House of Representatives
In an op-ed in The Wall Street Journal, House Budget Committee chairman Paul Ryan (R-WI) presents a possible down payment on the debt as a way out of the government shutdown/debt ceiling impasse. The deal would involve entitlement reforms that have some bipartisan support and tax reform.
About the entitlement reforms, he writes:
Update: The Obama Administration has issued a veto threat for the bill, instead preferring that Congress pass a clean CR and debt ceiling increase.
Today, the Fix the Debt Campaign's Congressional Fiscal Leadership Council released an open letter signed by a group of 120 former Members of Congress, calling for the President and Congress to start addressing the nation's fiscal problems. The members express that returning to the normal budget process is essential, and recognize that while working toward a bipartisan agreement may be difficult, it is necessary:
As Congress negotiates a proposal to pass a continuing resolution and reopen the government, they may enact other policy at the same time. One such proposal was offered by the House Republicans on the eve of the shutdown, to permanently repeal the medical device tax and delay other aspects of the Affordable Care Act.
While it is incredibly disappointing that elected officials in Washington failed to avoid a government shutdown, attention is quickly turning towards raising the federal debt ceiling, which currently stands at $16.699 trillion.
Congress faces a number of looming fiscal crises this fall, and the first obstacle is just around the corner -- if lawmakers fail to pass legislation to fund federal programs before September 30, the government will shut down. Today, CRFB released a new Q&A for understanding government shutdowns and related issues, including continuing resolutions and the federal appropriations process. This new resource also provides a historical and legislative background to the upcoming fiscal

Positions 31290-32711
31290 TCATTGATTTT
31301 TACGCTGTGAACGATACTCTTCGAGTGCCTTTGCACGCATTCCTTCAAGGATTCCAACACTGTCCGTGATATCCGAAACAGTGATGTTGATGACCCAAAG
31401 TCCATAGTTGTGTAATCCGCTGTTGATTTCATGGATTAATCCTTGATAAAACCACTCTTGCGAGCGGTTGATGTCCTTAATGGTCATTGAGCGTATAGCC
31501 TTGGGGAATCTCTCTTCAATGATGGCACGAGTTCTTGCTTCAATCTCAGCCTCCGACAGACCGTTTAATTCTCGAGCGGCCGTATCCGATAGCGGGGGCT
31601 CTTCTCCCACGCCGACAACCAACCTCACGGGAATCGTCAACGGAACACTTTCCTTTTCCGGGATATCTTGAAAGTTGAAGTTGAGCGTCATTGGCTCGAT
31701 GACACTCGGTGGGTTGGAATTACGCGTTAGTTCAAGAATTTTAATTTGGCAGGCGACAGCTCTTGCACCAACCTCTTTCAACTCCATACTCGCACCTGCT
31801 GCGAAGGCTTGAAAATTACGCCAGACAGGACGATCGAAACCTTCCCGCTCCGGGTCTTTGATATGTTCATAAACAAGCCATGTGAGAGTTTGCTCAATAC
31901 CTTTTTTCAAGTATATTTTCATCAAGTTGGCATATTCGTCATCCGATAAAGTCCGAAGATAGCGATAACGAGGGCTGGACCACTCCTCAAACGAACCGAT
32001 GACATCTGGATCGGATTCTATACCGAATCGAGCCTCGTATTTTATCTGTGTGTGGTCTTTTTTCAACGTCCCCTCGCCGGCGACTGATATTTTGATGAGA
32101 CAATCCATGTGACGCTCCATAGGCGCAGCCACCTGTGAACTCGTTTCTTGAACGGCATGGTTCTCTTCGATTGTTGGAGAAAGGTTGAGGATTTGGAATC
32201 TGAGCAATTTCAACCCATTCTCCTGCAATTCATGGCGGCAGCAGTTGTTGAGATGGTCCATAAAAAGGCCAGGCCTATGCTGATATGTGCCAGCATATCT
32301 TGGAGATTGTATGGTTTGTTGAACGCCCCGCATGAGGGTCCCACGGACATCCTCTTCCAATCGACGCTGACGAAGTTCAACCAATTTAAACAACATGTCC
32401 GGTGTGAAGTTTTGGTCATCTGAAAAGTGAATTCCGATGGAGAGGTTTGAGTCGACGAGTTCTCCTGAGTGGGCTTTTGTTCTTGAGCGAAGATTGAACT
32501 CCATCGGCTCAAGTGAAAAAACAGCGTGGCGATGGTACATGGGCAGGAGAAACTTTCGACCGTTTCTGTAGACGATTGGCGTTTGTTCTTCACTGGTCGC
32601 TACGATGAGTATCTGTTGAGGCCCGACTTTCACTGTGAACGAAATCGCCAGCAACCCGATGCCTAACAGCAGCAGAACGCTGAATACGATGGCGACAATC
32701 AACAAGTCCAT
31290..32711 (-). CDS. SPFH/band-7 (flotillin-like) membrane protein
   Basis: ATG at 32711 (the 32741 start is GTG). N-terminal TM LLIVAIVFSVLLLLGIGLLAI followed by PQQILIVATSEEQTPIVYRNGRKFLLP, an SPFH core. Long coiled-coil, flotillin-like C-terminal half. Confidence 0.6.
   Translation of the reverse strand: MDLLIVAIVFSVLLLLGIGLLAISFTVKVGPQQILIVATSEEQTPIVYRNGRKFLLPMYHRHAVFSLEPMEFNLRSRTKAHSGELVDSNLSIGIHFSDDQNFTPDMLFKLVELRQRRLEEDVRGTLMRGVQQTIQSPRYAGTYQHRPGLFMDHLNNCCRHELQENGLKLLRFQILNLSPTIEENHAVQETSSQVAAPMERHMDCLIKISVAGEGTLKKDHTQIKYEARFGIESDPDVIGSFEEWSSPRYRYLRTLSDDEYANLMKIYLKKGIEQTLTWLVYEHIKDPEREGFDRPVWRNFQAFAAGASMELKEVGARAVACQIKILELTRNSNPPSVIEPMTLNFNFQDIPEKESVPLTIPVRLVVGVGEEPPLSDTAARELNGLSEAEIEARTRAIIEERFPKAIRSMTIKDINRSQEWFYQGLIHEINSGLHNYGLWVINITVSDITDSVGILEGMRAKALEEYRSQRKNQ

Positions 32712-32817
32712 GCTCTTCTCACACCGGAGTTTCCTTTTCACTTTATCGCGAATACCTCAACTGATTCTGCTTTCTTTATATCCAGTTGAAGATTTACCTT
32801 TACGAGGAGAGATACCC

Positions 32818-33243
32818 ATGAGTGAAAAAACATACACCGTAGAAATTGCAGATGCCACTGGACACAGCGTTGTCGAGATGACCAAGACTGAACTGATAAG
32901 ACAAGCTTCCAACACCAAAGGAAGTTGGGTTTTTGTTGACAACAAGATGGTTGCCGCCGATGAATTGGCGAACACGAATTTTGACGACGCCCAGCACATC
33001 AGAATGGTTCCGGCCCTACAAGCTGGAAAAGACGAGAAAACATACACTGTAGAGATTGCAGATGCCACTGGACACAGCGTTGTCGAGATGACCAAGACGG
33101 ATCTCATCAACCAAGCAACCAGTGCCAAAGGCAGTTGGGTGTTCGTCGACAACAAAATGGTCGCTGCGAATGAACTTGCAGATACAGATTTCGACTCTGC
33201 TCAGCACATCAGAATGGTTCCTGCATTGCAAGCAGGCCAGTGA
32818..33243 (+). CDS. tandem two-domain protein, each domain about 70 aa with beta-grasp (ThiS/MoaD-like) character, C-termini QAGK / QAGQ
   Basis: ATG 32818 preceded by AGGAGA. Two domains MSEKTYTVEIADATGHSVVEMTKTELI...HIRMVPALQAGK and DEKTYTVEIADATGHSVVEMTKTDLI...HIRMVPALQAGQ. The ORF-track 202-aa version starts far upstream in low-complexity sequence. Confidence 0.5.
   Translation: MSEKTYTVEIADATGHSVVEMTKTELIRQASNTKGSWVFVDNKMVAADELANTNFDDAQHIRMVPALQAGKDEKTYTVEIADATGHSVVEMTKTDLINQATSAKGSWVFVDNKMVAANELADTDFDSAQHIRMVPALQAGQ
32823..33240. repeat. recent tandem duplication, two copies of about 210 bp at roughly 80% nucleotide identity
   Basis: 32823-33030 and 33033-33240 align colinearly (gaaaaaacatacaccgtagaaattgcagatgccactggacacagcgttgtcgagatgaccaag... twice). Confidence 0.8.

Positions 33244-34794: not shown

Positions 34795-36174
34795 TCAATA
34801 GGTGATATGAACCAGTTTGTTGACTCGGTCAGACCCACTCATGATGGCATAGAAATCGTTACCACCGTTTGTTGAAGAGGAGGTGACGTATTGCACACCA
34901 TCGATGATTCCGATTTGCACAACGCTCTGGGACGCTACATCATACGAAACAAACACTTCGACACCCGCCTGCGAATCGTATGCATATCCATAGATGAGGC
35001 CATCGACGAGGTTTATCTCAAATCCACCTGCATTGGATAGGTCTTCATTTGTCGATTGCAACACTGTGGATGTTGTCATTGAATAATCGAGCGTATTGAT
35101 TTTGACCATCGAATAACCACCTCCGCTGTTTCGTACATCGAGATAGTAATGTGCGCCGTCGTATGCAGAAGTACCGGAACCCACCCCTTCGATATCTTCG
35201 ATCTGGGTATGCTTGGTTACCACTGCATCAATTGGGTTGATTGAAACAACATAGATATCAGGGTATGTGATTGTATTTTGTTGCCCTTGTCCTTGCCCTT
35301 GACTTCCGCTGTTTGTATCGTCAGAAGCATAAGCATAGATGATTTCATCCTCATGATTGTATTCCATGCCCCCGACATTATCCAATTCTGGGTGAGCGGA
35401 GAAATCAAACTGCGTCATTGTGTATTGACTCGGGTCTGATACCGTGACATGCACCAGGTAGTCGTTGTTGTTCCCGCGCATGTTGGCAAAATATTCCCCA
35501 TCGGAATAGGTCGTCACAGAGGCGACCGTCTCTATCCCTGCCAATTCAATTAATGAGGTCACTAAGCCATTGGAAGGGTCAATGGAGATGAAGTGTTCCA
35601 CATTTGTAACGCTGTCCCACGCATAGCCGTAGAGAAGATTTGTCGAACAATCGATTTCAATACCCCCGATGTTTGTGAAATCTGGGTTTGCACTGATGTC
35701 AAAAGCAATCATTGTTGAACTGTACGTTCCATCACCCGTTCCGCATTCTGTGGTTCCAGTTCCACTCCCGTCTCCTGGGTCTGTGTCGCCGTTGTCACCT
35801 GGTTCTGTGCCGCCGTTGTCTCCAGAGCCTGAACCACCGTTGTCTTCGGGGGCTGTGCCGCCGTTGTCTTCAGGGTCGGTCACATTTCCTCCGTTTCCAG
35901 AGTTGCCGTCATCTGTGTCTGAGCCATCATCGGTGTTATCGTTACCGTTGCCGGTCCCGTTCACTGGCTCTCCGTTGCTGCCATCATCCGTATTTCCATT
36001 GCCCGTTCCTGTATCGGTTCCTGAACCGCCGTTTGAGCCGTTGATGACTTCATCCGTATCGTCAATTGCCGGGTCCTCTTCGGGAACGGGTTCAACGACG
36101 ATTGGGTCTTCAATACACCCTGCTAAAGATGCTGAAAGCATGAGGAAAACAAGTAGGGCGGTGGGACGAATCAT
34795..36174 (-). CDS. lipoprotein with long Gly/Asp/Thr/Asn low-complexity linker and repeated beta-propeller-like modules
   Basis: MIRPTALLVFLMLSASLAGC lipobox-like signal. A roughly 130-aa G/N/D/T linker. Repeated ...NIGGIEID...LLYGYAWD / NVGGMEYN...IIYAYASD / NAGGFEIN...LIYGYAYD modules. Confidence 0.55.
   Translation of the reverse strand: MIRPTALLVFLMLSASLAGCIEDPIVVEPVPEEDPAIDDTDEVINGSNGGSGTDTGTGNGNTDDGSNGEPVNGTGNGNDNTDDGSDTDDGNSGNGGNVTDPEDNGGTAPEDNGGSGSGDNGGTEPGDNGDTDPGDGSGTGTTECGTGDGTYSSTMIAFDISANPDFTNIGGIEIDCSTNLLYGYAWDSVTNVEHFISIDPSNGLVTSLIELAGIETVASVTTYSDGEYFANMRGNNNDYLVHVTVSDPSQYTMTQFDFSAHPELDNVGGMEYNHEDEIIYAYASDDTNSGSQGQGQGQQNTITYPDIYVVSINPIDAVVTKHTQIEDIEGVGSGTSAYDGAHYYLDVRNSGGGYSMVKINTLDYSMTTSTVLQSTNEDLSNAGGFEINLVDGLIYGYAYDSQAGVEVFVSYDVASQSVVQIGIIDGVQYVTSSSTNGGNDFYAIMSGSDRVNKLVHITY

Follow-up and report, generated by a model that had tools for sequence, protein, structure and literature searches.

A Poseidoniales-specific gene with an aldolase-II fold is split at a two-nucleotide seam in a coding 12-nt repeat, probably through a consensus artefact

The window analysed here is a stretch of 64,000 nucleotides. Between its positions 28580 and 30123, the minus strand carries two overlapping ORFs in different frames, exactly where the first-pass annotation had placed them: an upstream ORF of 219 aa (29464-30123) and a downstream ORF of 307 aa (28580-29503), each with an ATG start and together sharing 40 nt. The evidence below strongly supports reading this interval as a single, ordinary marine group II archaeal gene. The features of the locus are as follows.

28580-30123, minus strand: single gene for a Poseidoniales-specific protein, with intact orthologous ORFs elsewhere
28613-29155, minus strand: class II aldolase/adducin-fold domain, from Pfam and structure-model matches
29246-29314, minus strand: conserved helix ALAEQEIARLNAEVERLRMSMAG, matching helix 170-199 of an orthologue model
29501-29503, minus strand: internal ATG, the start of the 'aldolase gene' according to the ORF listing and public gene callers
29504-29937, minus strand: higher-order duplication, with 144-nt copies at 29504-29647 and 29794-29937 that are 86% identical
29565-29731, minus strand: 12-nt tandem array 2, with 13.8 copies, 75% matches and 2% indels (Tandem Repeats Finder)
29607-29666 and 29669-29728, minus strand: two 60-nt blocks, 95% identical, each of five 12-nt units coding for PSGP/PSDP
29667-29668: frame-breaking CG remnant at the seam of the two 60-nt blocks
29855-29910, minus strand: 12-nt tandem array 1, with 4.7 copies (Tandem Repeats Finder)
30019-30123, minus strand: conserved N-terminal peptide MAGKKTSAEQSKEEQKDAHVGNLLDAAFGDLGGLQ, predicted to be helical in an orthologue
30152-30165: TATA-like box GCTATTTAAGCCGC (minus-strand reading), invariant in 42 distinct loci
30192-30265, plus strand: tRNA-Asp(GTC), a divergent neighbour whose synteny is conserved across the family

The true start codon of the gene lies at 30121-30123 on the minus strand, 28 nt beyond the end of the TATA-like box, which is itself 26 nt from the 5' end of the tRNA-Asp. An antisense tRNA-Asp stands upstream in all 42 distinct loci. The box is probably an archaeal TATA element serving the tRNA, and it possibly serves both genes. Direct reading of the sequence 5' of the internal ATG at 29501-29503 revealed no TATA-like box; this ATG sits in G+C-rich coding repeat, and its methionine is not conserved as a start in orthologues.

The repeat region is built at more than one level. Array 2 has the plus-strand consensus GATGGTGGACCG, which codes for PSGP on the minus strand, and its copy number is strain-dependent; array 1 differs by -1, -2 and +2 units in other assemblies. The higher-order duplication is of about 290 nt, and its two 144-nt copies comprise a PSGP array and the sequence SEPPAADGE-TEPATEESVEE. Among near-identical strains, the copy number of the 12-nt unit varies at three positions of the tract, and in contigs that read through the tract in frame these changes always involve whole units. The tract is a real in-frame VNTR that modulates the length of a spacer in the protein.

With the debt limit approaching and another showdown looming, the focus of some policymakers may naturally turn to how to avoid a similar potentially damaging impasse in the future. In that vein, Rep. Scott Peters (D-CA) has introduced a bill which addresses both the need to raise the debt limit and the need to put the debt on a sustainable path.
Yesterday, the House Transportation-Housing and Urban Development (THUD) appropriations bill was removed from floor consideration, showing a lack of consensus in Congress regarding how to live within the existing caps. The question of how the Congress should replace sequestration in a fiscally responsible manner is becoming increasingly important with this decision.
Just as they have for tax reform, the House Ways and Means Committee has begun organizing and pressing forward on entitlement reforms, starting with a discussion draft of a proposal to switch to the chained CPI. As with all of their discussion drafts, they are allowing for public comment, in this case until August 10. The draft is a welcome entrance into the debate about how to implement the chained CPI.
The appropriations process is usually arduous, but this year may be even more so. The largest disagreement between the Senate and House, which is nowhere close to being solved, is how to deal with sequestration. The Senate Appropriations Committee is working from an overall funding level of $1,058 billion for FY 2014, as was set by the Budget Control Act caps without sequestration.